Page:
Class IV wells are defined in Ohio Administrative Code (OAC) Rule 3745-34-04(D). Class IV wells are shallow wells used to inject hazardous or radioactive wastes into or above a geologic formation that contains an underground source of drinking water. In 1984, U.S. EPA banned the use of Class IV injection wells for disposal of hazardous or radioactive waste. Now, these wells may only be operated as part of a U.S. EPA- or state-authorized ground water clean-up action. There are about 32 waste clean-up sites with Class IV wells in the United States.
In general, both shallow Class IV and Class V wells inject fluids into or above the uppermost underground source of drinking water and may be of similar construction. The difference between Class IV and Class V wells is the quality of the fluid being injected. Class V wells may only inject non-hazardous fluids that will not endanger underground sources of drinking water. However, if a Class V well is misused and receives hazardous waste, as defined by the Resource Conservation and Recovery Act, the well would be considered a Class IV well and therefore be banned.
Class IV wells are prohibited by OAC Rule 3745-34-08 unless the injection wells are used to inject contaminated ground water that has been treated and is being injected into the same formation from which it was drawn. These remediation injection wells are authorized by rule for the life of the well if such subsurface emplacement of fluids is approved by the director of Ohio EPA and/or U.S. EPA as part of a remediation program pursuant to provisions for cleanup of releases under Chapter 3734 of the Revised Code and the Comprehensive Environmental Response, Compensation, and Liability Act of 1980, 42 U.S.C. 9601-9675, or pursuant to requirements and provisions under the Resource Conservation and Recovery Act, 42 U.S.C. 6901-6992k.
When an unauthorized Class IV well is discovered, the UIC Program coordinates with the Division of Materials and Waste Management to ensure that they are plugged appropriately and that any necessary corrective actions are taken at the site. All Class IV wells must submit information to the Underground Injection Control program per OAC Rule 3745-34-11(L). In addition, all unauthorized Class IV wells must be closed per the requirements of OAC Rule 3745-34-08(B), which includes submitting a closure plan at least 30 days prior to closure and disposing of all waste materials per all applicable laws and regulations.
Class V wells are used to inject non-hazardous fluids underground. Fluids are injected either into or above an underground source of drinking water. There are 18 different types of Class V wells. Examples of Class V wells include, among others: surface water runoff drainage wells; septic systems; dry wells; motor vehicle waste disposal wells; and industrial, commercial and utility disposal wells.
Most Class V wells are "low-tech" and depend on gravity to drain fluids directly below the land surface. Drywells, cesspools and septic system leach fields are examples of simple Class V wells. Because their construction often provides little or no pretreatment and these fluids are injected directly into or above an underground source of drinking water, proper management is important.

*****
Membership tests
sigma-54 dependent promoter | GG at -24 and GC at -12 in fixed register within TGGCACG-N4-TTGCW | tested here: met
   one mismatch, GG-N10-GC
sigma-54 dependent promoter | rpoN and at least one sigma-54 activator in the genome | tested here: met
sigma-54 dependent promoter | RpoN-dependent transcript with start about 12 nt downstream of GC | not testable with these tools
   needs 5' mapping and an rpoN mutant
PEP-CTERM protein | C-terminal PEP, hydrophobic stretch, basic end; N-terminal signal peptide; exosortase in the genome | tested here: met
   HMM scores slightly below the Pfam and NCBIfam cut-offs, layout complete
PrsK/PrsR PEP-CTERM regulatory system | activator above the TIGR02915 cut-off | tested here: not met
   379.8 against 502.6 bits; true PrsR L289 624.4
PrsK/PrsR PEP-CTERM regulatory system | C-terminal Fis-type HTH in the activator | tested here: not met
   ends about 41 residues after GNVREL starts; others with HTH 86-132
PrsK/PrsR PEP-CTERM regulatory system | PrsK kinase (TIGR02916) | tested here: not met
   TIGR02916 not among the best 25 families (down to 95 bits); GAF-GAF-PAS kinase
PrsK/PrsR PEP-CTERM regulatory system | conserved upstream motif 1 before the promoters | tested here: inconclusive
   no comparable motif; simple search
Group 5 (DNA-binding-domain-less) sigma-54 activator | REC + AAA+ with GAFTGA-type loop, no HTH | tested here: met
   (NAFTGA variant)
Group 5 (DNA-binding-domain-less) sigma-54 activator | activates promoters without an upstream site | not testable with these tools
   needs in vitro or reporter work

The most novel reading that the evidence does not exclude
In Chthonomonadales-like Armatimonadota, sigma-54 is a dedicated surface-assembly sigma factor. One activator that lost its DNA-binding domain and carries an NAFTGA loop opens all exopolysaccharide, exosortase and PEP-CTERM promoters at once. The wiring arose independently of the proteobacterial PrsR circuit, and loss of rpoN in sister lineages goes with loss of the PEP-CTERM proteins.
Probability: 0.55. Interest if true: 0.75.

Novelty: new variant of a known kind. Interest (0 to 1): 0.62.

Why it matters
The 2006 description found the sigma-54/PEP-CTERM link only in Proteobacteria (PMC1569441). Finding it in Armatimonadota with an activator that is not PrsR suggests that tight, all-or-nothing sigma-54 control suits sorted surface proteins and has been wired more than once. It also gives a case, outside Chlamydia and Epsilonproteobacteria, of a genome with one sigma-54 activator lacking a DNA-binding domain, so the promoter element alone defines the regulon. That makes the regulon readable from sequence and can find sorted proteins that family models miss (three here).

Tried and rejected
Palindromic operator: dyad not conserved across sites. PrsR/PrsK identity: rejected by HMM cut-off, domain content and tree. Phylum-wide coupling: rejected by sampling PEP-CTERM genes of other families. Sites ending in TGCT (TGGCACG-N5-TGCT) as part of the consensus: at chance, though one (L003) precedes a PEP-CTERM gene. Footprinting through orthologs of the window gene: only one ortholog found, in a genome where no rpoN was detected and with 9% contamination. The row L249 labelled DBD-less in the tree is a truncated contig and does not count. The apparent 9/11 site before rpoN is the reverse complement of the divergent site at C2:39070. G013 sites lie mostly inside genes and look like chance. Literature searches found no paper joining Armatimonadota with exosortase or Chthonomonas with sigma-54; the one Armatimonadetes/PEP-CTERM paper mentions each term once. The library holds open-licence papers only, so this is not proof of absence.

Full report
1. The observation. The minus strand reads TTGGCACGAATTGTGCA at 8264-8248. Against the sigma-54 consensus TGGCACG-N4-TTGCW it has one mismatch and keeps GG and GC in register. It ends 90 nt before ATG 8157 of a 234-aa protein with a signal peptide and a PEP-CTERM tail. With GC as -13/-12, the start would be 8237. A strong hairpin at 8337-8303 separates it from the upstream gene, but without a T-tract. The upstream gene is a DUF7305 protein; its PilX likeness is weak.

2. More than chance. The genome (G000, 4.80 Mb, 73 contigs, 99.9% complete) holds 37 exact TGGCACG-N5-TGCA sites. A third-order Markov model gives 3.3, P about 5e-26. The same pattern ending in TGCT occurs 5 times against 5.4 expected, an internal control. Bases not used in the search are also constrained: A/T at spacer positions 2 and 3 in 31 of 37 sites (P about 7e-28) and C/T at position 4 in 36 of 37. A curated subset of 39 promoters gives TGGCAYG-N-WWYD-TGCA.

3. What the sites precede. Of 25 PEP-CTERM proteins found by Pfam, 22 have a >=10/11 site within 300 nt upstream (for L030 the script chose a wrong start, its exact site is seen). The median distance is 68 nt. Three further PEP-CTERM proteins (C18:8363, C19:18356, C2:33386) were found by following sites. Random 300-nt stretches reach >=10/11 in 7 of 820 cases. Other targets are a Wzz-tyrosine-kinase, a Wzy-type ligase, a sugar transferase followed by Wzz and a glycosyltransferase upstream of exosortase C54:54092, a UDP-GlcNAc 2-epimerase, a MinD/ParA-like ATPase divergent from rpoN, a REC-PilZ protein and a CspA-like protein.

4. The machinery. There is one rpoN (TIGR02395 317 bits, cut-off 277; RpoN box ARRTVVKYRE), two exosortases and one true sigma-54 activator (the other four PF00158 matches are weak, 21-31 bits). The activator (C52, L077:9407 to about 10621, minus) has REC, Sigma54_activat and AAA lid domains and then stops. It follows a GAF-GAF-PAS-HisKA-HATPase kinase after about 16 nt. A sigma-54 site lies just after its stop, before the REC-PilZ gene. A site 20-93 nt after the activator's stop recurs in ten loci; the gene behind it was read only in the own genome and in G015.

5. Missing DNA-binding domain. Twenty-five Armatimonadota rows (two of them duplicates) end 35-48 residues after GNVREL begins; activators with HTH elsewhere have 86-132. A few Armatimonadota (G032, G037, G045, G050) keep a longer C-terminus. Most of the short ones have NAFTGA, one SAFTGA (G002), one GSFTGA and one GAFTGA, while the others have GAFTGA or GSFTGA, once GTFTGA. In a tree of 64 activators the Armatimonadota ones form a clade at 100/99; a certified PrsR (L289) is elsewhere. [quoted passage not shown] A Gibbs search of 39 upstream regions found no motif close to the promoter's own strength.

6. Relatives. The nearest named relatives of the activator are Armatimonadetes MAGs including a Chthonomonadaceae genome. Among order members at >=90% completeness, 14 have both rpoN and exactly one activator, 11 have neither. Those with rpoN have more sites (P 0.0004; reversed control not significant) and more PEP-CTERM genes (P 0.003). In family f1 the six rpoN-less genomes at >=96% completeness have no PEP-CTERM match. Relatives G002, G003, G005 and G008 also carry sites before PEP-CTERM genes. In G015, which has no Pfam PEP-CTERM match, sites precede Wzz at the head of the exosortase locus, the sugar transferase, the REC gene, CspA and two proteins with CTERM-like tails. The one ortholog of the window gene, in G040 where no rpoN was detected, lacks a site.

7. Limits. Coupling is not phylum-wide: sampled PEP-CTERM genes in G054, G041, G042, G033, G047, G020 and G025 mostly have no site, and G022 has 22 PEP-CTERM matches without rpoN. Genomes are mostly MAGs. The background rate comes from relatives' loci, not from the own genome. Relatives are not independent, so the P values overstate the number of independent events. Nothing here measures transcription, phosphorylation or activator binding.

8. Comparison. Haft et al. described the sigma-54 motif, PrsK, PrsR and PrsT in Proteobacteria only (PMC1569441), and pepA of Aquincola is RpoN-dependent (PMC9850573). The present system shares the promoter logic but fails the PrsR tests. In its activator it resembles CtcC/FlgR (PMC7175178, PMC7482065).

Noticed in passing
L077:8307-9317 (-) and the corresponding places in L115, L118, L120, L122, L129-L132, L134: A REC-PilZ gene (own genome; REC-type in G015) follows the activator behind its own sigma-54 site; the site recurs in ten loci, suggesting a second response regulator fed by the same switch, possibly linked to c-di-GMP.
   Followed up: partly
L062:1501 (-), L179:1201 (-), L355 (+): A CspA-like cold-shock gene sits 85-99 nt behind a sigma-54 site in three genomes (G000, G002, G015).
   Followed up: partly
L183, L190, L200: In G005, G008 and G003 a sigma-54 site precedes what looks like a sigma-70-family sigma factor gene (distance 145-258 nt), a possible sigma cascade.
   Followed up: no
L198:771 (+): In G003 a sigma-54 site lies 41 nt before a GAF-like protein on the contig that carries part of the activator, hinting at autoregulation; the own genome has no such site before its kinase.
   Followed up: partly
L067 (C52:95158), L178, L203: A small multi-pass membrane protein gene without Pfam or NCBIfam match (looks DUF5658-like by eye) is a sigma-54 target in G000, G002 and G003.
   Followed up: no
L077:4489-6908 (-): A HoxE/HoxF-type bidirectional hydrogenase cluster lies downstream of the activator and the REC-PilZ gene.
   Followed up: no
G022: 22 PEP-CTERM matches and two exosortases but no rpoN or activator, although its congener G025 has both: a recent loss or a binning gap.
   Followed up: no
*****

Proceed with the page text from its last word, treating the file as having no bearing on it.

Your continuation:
More sophisticated Class V wells may rely on gravity or use pressure systems for fluid injection. Some sophisticated systems include advanced wastewater disposal systems used by industry, experimental wells used to test new or unproven technologies and even systems used to inject and store water for later reuse.
The owner or operator of a Class V well is required by Ohio Administrative Code (OAC) Rule 3745-34-11(M) to notify Ohio EPA of the well's existence. The notification is required to be submitted within 30 days of installing a new well and shall include a completed "Underground Injection Control Class V Well Inventory Form" if an inventory form has not already been submitted.
Owners or operators of Class V wells associated with golf course maintenance facilities should also reference the following fact sheet:
All Class V wells are required to be registered by the owner or operator of the well with the Ohio EPA (Ohio Administrative Code (OAC) Rule 3745-34-11(M)). Registration is done by submitting a completed inventory form to Ohio EPA. No Class V injection well is authorized to operate unless an inventory form has been completed and submitted to Ohio EPA.
Yes, under certain conditions, soil and ground water remediation efforts may warrant the subsurface injection of fluids. If the remediation well is needed as part of a clean up effort approved by U.S. EPA or Ohio EPA under Resource Conservation and Recovery Act (RCRA) Subtitle C or the Comprehensive Environmental Response, Compensation, and Liability Act (CERCLA), then the well is approved by rule as long as inventory information is submitted (Ohio Administrative Code (OAC) Rule 3745-34-08(C)). Operators of Class V Aquifer Remediation wells where fluids to be injected do not exceed primary drinking water regulations, maximum contaminant levels (MCLs) or health advisory limits must comply with OAC Rule 3745-34-11(H) to avoid having to submit a permit application.
All motor vehicle waste disposal wells and all large capacity cesspools are illegal under both federal and Ohio regulations (Ohio Administrative Code (OAC) Rules 3745-34-11(B) and (C)). Large capacity cesspools are considered injection wells used to dispose of untreated sanitary waste (OAC Rule 3745-34-01). Motor vehicle waste disposal wells are wells that are used to dispose of fluids from the repair of motor vehicles including cars, trucks, buses, vans, motorcycles, airplanes, farm equipment, constructions equipment and other types of motorized vehicles (OAC Rule 3745-34-01).